There are no comparisons in the safety standards and technology of a 2019 Cadillac versus one from 1979. Today’s modern cars are safer, more fuel efficient and provide great luxury. Only a car buff who longs for the gaudiness of yesteryear would disagree with that statement.
You don’t drive your grandmother’s car today, and the same is true of a manufactured home, or if you prefer — mobile home, and for those who live in the forest — trailer. At the core root of Florida’s tremendous population growth in the last 40 years has been the manufactured home business. Florida realtors and developers marketed to northern middle-class snowbirds and retiring seasonal residents to buy manufactured homes in many of the dream locations in Florida. The homes were very affordable and the land was inexpensive.
This led to many booms and busts in the Florida realty market. However, manufactured housing led to great developments like The Villages. Harold Schwartz, founder of The Villages, started out as a Florida mail order land developer who went in the direction of manufactured housing in the 1970s because of changes in regulations. Orange Blossom Gardens, a manufactured home development, was the origin of America’s largest single-site development.
The appeal of Florida’s manufactured home industry had some challenges in the last couple of decades because of two significant occurrences — the influx of wealthier retirees to Florida and the stubbornness of the manufactured home industry to improve construction standards. The wealthier retirees were lured to single-family homes in amenity-laced developments. In addition, the 24-hour news cycle showed videos of 1960s era mobile homes destroyed in tornadoes and hurricanes.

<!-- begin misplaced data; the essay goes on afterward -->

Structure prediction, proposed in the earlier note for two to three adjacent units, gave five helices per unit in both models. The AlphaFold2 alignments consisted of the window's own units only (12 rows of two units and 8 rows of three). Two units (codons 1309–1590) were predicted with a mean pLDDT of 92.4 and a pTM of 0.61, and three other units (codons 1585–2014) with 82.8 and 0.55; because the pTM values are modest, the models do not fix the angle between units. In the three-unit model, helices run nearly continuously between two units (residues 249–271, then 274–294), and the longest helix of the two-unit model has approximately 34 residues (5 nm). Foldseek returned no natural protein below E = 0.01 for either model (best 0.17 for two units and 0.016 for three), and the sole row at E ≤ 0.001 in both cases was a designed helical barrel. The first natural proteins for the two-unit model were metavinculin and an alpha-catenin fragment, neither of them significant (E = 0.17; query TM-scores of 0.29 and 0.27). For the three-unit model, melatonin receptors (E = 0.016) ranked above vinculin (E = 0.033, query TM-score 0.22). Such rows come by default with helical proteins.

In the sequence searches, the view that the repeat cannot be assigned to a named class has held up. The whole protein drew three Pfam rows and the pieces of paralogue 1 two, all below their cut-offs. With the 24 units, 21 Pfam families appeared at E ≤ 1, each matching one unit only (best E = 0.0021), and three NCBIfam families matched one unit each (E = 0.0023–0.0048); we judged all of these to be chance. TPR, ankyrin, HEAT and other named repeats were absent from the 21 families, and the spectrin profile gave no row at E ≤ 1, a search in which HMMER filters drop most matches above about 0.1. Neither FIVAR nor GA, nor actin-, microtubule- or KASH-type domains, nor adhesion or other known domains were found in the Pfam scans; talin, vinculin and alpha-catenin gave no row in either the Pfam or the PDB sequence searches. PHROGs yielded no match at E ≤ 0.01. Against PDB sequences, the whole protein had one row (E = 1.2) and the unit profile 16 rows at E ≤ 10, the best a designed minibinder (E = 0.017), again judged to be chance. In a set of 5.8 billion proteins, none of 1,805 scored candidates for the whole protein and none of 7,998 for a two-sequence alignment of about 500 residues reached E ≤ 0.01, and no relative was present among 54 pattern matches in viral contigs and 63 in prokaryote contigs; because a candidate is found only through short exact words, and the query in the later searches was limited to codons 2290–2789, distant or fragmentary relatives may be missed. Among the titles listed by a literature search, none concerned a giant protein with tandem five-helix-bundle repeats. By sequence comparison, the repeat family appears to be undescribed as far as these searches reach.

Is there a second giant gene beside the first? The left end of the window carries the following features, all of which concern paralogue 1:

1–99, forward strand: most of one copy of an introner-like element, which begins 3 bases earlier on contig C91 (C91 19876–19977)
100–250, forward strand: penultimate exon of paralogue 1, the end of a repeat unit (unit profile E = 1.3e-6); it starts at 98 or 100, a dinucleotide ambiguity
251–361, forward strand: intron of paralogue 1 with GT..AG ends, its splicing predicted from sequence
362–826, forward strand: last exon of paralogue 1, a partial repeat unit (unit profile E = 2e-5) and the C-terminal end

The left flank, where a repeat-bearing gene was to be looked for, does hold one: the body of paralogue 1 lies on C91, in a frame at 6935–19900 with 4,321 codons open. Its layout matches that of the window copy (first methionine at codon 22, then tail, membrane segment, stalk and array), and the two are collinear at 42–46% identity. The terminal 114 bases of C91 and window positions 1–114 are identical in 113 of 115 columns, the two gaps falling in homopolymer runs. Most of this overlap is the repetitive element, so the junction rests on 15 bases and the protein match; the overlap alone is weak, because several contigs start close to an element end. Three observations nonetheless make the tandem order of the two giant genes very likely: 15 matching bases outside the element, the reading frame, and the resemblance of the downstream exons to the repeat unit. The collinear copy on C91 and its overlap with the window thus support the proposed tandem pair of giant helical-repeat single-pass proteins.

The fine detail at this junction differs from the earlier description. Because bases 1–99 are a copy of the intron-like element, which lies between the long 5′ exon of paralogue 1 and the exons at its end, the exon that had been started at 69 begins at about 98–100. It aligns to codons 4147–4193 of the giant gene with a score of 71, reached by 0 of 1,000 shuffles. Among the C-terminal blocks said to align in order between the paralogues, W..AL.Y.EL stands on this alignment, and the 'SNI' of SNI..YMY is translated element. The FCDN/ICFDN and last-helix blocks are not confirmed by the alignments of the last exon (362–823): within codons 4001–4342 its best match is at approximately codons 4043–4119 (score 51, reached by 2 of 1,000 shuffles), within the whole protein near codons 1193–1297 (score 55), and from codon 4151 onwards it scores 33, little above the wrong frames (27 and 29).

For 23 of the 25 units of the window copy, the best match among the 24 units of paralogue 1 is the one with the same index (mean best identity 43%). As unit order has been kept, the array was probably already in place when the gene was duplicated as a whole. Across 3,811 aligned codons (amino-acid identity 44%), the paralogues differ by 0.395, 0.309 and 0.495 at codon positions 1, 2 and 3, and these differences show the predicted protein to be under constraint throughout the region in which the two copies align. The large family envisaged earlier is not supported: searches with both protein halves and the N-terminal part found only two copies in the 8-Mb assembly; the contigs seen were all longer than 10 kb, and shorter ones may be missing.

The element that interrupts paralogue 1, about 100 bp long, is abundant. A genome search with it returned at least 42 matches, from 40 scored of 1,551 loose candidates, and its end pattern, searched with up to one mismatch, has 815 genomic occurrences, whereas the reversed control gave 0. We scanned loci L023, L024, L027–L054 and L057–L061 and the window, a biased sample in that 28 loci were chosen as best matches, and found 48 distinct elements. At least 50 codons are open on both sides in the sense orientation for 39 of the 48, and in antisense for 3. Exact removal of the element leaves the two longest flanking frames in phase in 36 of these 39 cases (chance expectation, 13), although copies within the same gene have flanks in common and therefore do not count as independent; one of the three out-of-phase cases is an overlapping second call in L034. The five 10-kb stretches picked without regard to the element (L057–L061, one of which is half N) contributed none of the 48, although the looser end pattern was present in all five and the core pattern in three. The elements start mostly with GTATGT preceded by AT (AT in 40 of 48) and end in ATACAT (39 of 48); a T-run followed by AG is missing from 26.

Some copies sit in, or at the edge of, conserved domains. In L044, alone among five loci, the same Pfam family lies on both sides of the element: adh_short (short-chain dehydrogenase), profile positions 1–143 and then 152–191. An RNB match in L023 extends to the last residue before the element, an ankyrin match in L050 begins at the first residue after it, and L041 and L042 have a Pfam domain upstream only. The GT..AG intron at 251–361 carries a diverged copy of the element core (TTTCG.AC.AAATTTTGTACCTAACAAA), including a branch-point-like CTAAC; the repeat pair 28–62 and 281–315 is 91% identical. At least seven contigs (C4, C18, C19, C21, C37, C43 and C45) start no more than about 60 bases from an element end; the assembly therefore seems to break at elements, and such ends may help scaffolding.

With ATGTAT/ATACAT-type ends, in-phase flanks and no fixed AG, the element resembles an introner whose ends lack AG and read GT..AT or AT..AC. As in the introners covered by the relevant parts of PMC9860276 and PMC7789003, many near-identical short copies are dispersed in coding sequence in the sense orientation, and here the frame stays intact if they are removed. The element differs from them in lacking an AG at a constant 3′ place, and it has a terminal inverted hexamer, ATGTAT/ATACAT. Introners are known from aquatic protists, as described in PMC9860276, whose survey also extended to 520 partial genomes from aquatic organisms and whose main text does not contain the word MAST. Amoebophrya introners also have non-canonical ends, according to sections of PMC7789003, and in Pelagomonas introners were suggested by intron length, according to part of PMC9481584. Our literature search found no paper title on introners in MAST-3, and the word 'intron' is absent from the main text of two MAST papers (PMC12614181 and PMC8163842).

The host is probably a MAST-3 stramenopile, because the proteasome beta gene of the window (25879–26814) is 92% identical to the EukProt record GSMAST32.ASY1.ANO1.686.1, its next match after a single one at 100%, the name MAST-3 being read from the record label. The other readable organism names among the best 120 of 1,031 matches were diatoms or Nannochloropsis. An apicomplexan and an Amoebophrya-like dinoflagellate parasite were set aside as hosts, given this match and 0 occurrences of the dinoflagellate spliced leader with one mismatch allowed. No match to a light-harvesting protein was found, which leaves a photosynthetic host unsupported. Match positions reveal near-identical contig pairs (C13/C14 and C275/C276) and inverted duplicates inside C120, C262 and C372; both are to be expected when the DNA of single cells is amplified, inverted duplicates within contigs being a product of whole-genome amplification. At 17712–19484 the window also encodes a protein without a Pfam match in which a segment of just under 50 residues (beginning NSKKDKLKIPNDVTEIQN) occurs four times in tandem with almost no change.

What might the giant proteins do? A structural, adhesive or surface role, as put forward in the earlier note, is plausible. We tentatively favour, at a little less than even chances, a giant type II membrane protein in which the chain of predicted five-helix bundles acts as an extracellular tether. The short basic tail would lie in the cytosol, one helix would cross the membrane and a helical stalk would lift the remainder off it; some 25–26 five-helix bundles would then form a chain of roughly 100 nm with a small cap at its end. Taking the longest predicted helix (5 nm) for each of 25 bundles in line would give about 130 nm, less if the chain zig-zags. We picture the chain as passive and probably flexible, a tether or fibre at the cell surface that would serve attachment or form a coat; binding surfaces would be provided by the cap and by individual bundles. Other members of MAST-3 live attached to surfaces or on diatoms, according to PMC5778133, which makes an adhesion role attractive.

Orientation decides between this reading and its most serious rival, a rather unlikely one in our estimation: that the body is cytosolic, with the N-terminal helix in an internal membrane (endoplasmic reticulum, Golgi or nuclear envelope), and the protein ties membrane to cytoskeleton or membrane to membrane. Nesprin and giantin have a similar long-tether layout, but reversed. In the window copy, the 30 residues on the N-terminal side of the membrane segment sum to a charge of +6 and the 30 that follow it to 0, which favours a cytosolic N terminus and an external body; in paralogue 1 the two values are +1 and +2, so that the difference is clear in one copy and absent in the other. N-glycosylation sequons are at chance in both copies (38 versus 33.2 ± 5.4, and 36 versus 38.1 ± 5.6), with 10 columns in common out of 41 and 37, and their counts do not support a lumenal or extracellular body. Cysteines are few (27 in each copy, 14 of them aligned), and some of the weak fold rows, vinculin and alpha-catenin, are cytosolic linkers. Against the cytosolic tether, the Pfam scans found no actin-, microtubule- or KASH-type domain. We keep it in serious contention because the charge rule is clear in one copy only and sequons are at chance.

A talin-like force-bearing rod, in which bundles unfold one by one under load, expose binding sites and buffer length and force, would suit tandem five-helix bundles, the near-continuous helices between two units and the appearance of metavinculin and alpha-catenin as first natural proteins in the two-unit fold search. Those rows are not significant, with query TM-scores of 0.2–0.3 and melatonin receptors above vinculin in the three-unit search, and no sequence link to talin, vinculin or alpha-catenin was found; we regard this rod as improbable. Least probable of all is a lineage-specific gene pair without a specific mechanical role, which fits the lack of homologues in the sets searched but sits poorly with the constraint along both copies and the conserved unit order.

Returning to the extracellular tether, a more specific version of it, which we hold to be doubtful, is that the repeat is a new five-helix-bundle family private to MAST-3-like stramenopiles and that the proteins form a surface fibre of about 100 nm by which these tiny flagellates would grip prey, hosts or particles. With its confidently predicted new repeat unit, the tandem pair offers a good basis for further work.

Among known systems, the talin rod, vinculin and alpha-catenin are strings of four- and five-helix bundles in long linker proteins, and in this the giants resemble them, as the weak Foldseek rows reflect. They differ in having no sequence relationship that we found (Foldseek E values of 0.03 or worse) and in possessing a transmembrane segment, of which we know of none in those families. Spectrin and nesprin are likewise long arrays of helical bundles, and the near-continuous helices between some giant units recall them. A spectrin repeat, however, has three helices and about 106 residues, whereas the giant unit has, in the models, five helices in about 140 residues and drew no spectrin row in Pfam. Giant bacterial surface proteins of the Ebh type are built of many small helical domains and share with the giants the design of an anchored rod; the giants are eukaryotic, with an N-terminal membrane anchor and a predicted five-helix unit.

Jim Ayotte, executive director of the Florida Manufactured Housing Association, touts daily how the manufactured home industry has increased manufacturing standards and codes to build homes that are now hurricane rated.
Ayotte notes, “We had manufactured homes in both Mexico Beach during Hurricane Michael and in the Florida Keys during Hurricane Irma that withstood the hurricanes with little or no damage.” He provided videos with customer testimonials to back up his claims.
Amazingly, many of these manufactured homes were elevated to cope with flood zones.
Manufacturers like Palm Harbor Homes have seen remarkable results during these storms and the company is taking the lead in upgrading wind standards and construction. The industry appears to be fully embracing the standards of the single-family home industry regarding hurricane strapping and impact-resistant products.
The other aspects of these new manufactured homes are their style and features — they really look nice.
What motivated our grandmothers to buy a manufactured home in the 1970s may be the same motivation of Millennials — affordability and style.
Local jurisdictions that have been zoning manufactured housing developments out of their communities may need to reconsider this as the push for affordable workforce housing grows. Today’s manufactured homes are not your grandmother’s mobile home.
Don Magruder is the CEO of RoMac Building Supply. He is also the host of the Around the House TV show on LSTV and LakeSumterTV.com at 1 and 6:30 p.m. Monday, Wednesday and Friday; at 9 a.m. and 4 p.m. Tuesday and Thursday; and at 7 a.m., Noon and 6 p.m. Saturday.